varved deposit

Any form of repetitive sedimentary rock stratification that was deposited within a year. This annual deposit usually consists of paired contrasting layers (varves) of alternately finer (darker) and coarser (lighter) silt or clay, reflecting seasonal variations in sedimentation (winter and summer) within the year. Varved deposits are most commonly found in glacial lakes, but they can also be found in nonglacial lakes and marine settings.

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A large body of igneous rock, having distinct crystals in a relatively fine-grained base, that contains chalcopyrite and other sulfide minerals. These deposits contain vast amounts of ore that averages a fraction of 1percnt copper by weight; although low-grade, the deposits are important because they can be worked on a large scale at low cost. Large porphyry copper deposits are worked in the southwestern U.S. (where molybdenum may be produced as a by-product), the Solomon Islands, Canada, Peru, Chile, Mexico, and elsewhere.

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Natural concentration of heavy minerals caused by the effect of gravity on moving particles. When heavy, stable minerals are freed from their matrix by weathering processes, they are slowly washed downslope into streams that quickly winnow the lighter matrix. Thus the heavy minerals become concentrated in stream, beach, and lag (residual) gravels and constitute workable ore deposits. Minerals that form placer deposits include gold, platinum, cassiterite, magnetite, chromite, ilmenite, rutile, native copper, zircon, monazite, and various gemstones.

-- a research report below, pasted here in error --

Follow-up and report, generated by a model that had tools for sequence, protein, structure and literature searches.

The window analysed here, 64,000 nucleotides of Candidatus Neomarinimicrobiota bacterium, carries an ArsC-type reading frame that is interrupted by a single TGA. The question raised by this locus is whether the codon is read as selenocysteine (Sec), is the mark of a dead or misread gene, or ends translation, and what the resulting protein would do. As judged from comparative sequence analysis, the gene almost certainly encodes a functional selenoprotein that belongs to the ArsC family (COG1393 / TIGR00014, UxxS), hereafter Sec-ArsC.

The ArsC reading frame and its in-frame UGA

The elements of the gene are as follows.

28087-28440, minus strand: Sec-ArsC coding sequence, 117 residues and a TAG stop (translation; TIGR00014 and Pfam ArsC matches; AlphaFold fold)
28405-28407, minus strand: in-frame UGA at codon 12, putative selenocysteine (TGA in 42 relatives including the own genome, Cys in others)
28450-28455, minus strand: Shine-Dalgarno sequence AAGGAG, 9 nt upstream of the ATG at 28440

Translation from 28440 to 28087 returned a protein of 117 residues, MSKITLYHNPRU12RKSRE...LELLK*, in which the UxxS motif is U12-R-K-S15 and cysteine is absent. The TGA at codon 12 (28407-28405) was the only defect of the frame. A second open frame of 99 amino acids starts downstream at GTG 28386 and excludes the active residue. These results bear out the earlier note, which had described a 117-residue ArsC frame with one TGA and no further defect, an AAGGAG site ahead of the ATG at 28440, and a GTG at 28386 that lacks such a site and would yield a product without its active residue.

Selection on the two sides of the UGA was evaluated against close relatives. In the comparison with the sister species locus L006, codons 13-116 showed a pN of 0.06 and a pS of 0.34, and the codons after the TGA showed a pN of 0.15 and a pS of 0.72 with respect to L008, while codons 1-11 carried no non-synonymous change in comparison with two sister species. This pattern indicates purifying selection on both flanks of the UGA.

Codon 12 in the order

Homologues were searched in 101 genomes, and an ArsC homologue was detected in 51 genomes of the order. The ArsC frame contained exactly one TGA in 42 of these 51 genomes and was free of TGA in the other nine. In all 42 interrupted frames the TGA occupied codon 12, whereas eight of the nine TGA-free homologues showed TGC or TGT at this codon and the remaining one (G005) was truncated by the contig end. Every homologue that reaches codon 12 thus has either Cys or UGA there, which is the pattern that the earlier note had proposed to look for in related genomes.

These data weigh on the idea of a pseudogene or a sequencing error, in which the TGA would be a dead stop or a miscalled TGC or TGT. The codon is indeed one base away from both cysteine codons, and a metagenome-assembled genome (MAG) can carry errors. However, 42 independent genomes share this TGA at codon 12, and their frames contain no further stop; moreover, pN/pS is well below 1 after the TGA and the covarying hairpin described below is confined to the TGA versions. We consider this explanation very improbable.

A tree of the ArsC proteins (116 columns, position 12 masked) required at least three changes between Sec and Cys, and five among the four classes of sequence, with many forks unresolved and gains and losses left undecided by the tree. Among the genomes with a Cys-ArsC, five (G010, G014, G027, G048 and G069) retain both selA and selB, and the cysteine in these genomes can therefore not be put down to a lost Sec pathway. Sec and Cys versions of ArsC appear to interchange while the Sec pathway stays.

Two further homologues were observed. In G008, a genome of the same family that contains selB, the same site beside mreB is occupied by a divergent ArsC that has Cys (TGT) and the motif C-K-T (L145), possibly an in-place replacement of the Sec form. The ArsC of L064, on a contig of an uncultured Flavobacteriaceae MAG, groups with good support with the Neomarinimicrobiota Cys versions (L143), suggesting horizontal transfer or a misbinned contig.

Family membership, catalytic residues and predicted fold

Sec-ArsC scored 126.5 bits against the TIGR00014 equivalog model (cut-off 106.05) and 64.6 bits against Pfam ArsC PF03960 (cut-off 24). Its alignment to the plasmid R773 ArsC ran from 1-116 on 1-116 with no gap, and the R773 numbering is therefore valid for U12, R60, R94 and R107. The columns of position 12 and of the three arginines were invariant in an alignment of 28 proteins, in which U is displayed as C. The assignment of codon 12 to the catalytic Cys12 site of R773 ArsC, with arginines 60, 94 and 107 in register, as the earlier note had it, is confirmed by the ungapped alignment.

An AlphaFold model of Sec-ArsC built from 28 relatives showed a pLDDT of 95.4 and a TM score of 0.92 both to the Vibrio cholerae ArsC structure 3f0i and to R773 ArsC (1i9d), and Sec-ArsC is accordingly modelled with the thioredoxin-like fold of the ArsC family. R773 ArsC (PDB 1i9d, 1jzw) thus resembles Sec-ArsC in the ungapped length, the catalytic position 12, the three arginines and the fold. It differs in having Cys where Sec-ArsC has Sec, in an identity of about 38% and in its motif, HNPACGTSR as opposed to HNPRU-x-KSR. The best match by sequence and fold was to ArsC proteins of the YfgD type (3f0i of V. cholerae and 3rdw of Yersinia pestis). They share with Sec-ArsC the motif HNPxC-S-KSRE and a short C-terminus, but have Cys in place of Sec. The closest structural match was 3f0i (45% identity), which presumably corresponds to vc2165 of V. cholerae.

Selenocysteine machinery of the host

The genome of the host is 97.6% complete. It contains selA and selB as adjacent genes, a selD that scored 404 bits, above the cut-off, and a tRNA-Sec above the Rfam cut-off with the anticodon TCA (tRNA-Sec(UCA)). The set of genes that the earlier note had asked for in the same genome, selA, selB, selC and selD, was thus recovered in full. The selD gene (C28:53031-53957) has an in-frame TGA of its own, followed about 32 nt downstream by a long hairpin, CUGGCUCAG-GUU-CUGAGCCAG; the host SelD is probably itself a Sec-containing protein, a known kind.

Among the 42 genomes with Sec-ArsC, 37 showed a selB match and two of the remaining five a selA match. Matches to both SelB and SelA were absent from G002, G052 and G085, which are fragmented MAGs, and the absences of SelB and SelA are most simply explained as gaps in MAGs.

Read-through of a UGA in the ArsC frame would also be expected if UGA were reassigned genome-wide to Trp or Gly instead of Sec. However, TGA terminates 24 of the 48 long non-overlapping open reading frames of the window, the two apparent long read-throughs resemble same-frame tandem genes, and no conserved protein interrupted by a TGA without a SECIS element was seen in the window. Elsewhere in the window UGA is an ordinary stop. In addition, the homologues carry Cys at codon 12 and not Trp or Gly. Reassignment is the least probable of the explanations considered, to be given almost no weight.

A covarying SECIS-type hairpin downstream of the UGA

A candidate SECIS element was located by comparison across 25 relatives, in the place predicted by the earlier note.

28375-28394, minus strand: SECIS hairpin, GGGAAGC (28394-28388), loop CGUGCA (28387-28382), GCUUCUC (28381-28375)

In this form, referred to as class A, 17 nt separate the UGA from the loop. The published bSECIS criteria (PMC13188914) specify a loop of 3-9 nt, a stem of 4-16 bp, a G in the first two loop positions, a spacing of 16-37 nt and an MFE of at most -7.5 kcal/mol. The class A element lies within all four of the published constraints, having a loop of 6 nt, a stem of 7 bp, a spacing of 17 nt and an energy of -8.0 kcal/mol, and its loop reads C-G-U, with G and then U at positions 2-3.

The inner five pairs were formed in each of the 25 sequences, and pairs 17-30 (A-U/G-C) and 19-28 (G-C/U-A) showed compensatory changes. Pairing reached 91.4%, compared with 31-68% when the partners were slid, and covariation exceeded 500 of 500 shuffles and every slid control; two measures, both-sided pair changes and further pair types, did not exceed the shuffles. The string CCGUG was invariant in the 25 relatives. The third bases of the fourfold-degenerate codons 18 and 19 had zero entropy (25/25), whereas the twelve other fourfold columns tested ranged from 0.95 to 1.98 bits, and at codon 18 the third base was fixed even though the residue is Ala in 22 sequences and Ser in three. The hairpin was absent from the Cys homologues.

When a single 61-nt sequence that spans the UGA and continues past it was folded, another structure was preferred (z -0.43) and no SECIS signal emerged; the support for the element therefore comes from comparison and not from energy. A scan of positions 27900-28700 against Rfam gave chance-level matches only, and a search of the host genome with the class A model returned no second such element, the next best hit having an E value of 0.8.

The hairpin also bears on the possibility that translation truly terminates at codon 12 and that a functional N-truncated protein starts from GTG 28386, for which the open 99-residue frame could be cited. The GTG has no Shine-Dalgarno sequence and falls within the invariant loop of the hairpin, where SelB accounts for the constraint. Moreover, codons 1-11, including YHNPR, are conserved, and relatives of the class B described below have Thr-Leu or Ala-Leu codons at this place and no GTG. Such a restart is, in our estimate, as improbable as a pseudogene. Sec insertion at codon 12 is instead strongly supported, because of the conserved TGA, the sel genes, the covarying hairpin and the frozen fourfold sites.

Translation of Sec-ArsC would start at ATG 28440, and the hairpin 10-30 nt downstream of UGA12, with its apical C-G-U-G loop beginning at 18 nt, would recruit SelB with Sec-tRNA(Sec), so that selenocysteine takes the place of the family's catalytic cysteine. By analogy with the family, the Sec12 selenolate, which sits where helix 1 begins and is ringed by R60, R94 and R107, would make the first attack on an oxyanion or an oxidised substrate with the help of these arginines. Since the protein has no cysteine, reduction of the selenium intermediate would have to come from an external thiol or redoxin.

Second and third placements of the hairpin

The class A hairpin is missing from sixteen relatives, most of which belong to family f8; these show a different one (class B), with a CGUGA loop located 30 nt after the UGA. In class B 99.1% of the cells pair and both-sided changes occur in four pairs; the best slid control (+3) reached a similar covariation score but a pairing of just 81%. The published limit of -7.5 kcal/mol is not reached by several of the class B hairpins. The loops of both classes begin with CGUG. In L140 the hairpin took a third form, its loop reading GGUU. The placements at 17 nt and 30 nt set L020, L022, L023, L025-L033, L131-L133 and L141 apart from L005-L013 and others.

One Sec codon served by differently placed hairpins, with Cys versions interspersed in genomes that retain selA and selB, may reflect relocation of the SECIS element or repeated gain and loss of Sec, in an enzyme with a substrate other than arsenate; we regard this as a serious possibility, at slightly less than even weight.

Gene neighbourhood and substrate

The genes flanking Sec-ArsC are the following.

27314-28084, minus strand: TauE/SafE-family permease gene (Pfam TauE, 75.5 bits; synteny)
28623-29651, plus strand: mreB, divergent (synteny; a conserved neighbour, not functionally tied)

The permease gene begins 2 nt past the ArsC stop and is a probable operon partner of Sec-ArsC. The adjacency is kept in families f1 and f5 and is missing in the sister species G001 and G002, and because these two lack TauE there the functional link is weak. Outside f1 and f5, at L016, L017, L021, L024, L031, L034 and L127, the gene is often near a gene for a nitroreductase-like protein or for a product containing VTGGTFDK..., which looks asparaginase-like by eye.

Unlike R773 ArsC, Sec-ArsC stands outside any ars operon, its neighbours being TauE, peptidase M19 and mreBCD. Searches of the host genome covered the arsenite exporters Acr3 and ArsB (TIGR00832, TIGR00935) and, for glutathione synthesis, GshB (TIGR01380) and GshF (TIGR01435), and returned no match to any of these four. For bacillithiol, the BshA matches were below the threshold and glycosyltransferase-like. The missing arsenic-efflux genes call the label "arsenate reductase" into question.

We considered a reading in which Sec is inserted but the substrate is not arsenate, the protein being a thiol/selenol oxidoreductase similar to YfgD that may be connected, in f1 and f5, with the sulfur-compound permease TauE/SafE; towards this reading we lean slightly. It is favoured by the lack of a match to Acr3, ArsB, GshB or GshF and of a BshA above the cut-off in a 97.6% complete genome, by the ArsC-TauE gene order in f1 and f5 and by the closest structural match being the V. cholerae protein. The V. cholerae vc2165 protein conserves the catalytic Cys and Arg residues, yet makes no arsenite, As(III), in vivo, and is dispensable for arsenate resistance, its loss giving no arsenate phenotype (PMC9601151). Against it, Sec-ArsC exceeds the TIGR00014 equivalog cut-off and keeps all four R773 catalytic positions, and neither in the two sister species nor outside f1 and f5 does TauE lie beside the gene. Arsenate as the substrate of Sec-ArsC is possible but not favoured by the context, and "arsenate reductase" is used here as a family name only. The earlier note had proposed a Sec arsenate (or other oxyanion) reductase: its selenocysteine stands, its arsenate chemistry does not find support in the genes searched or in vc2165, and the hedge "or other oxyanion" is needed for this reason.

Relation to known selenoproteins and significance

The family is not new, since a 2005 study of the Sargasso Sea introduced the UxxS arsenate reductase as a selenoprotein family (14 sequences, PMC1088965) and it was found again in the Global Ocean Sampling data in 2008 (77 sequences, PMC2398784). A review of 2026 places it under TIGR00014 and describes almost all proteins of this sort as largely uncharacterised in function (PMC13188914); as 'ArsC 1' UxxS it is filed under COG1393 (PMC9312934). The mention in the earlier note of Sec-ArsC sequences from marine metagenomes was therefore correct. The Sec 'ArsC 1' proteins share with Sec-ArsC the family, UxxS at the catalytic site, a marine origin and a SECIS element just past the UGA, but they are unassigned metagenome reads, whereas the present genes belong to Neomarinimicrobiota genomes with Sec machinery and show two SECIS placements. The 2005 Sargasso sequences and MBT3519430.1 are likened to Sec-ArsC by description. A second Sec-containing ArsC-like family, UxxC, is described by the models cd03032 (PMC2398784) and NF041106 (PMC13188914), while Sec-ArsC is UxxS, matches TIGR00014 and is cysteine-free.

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Receipt from a bank acknowledging the deposit of a sum of money. The most common type, the time certificate of deposit, is for a fixed-term interest-bearing deposit in a large denomination. It consequently pays higher interest than a savings account, though the investor who withdraws money before its maturity date is subject to a penalty. Introduced in the early 1960s, CDs have become a popular method of saving.

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Independent U.S. government corporation created to insure bank deposits against loss in the event of a bank failure and to regulate certain banking practices. Established after the bank holiday in early 1933, the FDIC was intended to restore public confidence in the system. It insures bank deposits in eligible banks up to $100,000 for each deposit. All members of the Federal Reserve System are required to insure their deposits with the FDIC, and almost all commercial banks in the U.S. choose to do so.

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